HAVANA (Reuters) - Cuba sent 216 healthcare workers to South Africa on Saturday, the latest of more than 20 medical brigades it has sent worldwide to combat the coronavirus pandemic, in what some call socialist solidarity and others medical diplomacy.
The Communist-run country has sent around 1,200 healthcare workers largely to vulnerable African and Caribbean nations but also to rich European countries such as Italy that have been particularly hard hit by the novel coronavirus.
The administration of U.S. President Donald Trump has urged nations not to accept Cuba’s medical missions on charges it exploits its workers, which Havana denies. But the calls have largely gone unheeded as overwhelmed healthcare systems have welcomed the help.
Cuba, which has confirmed ,1337 cases of the virus at home and 51 deaths, has one of the world’s highest number of doctors per capita and is renowned for its focus on prevention, community-oriented primary health care and preparedness to fight epidemics.
“The advantage of Cuba is that they are a community health model, one that we would like to use,” South African Health Minister Zweli Mkhize told a news briefing earlier this month.
South Africa has recorded 4,361 cases, including 86 deaths, with 161,004 people tested for the virus as of Saturday.
The country has a special relationship with Cuba, which supported the fight against apartheid - a conflict that included Cuban troops who fought and died in southern Angola. After Nelson Mandela was freed from prison in 1990, he repeatedly thanked revolutionary leader Fidel Castro.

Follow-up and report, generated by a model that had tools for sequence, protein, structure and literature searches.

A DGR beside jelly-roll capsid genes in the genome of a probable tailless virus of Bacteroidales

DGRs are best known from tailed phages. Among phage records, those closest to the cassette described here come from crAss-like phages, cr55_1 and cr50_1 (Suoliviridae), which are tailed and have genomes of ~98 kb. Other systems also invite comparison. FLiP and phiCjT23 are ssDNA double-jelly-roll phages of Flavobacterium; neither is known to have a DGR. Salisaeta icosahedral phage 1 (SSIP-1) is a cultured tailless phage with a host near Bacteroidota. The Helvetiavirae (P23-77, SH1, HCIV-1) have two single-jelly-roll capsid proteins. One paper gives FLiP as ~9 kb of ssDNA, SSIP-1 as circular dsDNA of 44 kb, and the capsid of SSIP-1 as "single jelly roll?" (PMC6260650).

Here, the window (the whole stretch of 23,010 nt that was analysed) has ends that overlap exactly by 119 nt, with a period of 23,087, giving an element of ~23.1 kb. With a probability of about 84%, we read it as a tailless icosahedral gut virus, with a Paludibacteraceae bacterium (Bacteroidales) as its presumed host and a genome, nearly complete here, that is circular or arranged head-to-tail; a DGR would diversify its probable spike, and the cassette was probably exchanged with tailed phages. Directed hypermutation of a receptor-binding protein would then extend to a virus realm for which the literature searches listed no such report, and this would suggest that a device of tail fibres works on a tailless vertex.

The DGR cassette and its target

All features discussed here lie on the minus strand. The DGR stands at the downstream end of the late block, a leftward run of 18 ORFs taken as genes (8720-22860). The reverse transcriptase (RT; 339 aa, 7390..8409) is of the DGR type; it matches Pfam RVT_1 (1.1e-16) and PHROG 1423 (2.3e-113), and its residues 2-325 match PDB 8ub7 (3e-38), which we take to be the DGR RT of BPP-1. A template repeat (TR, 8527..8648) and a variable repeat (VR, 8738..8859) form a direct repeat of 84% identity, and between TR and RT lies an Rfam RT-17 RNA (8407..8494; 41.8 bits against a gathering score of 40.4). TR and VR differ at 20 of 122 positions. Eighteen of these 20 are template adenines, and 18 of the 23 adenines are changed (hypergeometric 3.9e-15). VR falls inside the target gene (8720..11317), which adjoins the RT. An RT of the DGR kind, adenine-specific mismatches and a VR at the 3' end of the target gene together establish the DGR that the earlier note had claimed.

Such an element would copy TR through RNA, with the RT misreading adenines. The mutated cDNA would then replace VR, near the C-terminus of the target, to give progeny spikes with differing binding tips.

South Africa sent medical supplies to Cuba to assist in the fight against coronavirus in the plane that is now returning with the Cuban medical brigade, Cuba’s embassy there wrote on Twitter.
“These are times of solidarity and cooperation. If we act together, we can halt the spread of coronavirus in a faster and more cost effective manner,” Cuba’s ambassador to South Africa, Rodolfo Benítez Verson, said in a statement.
Cuba has sent its “armies of white robes” to disaster sites and disease outbreaks around the world largely in poor countries since its 1959 leftist revolution. Its doctors were in the front lines in the fight against cholera in Haiti and against ebola in West Africa in the 2010s.
Cuba also exports doctors in exchange for cash, often sending them to remote, impoverished locations where local doctors do not want to work.
Medical services exports are its top source of hard currency, ahead of tourism or sugar, despite the governments of Brazil, Bolivia and Ecuador sending their Cuban doctors packing in recent years after shifting to the right.
Cuba has more than 37,000 health care workers in 67 countries worldwide, according to the foreign ministry.
Reporting by Sarah Marsh; Additional Reporting by Olivia Kumwenda in Johannesburg; Editing by Kim Coghill